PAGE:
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Speech: R2P and RwP After Libya and Syria
Gareth Evans
23 August 2012
 
Keynote Address by Professor the Hon. Gareth Evans, Co-Chair, Global Centre for the Responsibility to Protect (GCR2P), to a Workshop: Responsibility While Protecting: What’s Next?, organized by the Global Centre for the Responsibility to Protect (GCR2P), Fundação Getulio Vargas (FGV) and Stanley Foundation in Rio de Janeiro on 23 August 2012.
 
We have to acknowledge that the UN Security Council paralysis over Syria, and at least some of the circumstances which have brought that about, have regenerated some serious international scepticism about the whole Responsibility to Protect (R2P) project. (…) Issues have been raised which do have to be addressed. The Brazilian ‘Responsibility While Protecting’ (RWP) proposal has made an important contribution to doing just that, and today’s discussion – designed to help further refine and develop the RWP concept, especially in the context of next month’s UNGA debate on R2P – could not be more timely.
 
(…) Secretary General Ban Ki-Moon may have been gilding the lily a little in September last year when he said that ‘No government questions the principle’, but he was not exaggerating at all when he said that now ‘Our debates are about how, not whether to implement the Responsibility to Protect.’
 
But, and it’s a very big ‘but’ indeed – to come now directly to the subject of today’s discussion  – we have to acknowledge that a good deal of the debate about how to implement R2P in practice, at least at the sharp end, when prevention has manifestly failed and violence is actually occurring – is still very fierce and very divisive. (…)
 
Part of the reason for hesitation in Syria – and certainly the unwillingness of anyone in the Council to begin to argue for direct coercive military intervention – is that the geopolitics of the Syrian crisis are very different. (…)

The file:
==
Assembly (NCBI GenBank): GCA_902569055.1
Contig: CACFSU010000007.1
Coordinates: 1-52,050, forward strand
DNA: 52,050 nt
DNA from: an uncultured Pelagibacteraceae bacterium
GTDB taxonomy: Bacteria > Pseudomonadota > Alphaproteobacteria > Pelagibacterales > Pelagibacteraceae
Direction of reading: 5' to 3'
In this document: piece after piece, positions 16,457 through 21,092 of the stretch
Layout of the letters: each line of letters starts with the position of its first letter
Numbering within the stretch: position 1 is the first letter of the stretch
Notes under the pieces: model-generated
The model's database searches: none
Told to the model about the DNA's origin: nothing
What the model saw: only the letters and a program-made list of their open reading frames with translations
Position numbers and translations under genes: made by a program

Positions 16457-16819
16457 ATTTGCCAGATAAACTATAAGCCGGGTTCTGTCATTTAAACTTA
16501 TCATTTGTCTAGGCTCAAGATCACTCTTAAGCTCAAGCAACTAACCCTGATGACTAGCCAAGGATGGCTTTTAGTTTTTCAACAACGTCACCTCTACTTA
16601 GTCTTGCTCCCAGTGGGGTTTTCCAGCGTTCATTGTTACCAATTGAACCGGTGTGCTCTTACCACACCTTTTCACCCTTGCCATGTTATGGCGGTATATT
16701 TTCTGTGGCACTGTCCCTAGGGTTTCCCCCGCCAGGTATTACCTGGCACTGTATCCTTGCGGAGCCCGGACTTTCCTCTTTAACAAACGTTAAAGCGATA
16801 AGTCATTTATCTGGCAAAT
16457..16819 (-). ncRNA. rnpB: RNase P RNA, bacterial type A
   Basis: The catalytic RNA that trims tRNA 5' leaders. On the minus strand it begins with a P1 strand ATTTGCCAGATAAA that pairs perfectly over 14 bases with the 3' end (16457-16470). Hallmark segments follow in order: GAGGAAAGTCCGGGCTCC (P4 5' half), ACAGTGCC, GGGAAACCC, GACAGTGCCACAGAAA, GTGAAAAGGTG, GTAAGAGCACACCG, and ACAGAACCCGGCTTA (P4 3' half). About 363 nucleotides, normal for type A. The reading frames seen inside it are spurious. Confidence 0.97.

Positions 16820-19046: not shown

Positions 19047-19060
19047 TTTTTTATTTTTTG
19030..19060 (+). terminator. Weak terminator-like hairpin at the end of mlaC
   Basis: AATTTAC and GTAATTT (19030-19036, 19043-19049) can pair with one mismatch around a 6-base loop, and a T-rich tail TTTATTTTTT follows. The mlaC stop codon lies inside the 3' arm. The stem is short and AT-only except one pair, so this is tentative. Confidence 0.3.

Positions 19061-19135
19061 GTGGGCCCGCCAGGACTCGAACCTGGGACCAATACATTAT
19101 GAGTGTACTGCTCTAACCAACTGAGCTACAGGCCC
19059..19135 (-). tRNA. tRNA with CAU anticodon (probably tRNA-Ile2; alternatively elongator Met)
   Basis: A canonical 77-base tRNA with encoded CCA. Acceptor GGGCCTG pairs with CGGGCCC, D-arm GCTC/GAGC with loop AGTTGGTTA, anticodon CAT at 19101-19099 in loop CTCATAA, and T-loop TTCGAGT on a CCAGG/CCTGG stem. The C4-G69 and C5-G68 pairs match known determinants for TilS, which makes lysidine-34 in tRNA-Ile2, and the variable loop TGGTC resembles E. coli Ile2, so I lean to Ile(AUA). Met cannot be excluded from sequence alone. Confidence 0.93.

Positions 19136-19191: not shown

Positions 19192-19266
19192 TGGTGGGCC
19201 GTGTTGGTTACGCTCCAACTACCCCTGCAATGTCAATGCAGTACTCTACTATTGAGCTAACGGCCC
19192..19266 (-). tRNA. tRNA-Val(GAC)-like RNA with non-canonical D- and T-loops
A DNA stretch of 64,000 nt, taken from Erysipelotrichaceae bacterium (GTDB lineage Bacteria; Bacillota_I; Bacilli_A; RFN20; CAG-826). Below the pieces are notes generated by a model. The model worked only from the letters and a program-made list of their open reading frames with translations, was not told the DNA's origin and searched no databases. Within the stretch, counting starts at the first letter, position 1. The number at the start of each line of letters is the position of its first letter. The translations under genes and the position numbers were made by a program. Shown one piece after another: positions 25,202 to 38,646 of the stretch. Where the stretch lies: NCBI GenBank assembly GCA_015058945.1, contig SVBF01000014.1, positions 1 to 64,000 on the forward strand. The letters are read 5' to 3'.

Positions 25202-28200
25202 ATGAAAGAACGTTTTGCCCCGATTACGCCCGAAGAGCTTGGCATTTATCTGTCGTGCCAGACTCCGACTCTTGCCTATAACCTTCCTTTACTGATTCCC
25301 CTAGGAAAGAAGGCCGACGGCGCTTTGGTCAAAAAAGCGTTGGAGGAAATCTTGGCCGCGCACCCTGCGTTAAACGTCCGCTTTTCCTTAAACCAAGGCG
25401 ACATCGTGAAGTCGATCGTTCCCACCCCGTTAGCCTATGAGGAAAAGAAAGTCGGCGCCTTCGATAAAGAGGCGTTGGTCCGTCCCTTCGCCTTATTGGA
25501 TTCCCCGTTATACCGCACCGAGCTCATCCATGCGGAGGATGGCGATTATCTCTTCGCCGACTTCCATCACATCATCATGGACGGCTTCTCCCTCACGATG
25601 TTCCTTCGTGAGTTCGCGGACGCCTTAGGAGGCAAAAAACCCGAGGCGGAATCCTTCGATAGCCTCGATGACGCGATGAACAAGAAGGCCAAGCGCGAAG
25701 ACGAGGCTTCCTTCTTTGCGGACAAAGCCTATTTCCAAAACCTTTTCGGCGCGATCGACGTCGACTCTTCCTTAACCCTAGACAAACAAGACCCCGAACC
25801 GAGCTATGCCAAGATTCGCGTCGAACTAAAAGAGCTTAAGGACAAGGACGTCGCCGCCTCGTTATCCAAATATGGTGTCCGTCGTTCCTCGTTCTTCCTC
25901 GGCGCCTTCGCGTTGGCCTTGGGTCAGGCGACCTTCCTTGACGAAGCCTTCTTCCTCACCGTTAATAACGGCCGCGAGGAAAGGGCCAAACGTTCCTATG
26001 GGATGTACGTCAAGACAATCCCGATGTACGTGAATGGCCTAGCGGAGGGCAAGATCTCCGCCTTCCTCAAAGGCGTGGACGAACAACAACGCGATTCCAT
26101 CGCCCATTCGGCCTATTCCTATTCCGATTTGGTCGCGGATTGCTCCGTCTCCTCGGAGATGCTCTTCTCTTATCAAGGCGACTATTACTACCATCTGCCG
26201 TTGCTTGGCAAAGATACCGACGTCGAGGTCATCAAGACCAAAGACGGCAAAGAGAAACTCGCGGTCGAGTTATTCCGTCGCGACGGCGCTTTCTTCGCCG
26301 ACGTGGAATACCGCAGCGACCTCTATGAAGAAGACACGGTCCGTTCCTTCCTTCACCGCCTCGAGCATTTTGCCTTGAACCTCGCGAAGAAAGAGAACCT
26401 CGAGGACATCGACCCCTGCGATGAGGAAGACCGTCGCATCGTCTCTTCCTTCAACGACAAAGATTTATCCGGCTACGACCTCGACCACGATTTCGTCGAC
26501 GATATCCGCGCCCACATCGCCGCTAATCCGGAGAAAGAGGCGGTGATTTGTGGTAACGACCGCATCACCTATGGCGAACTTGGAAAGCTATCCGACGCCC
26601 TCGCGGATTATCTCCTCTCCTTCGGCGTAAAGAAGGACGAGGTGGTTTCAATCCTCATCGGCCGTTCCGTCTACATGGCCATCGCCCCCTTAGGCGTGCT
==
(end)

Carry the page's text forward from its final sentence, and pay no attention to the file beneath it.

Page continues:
But there’s more to it than that. We have to explain why it is that it took until February this year for the Security Council to even formally resolve to condemn the violence, and why there has been no consensus whatever even about non-military coercive measures.  (…) We have to frankly recognize that there has been some infection of the whole R2P concept by the perception, accurate or otherwise, that the civilian protection mandate granted by the Council, with no dissenting voices, was manifestly exceeded by that military operation. (…)
 
It is directly to address these concerns that Brazil has advanced its ‘Responsibility While Protecting’ idea. (…)
 
So let me focus my remaining remarks on what I would regard as the two major substantive new elements in the RWP proposal, and the two big themes on which I think we should concentrate in our discussion today – viz. first, a set of criteria or guidelines to be fully debated and taken into account before the Security Council mandates any use of military force; and secondly, for some kind of enhanced monitoring and review processes which would enable such mandates to be seriously debated by all Council members during their implementation phase. (…)
 
 
 

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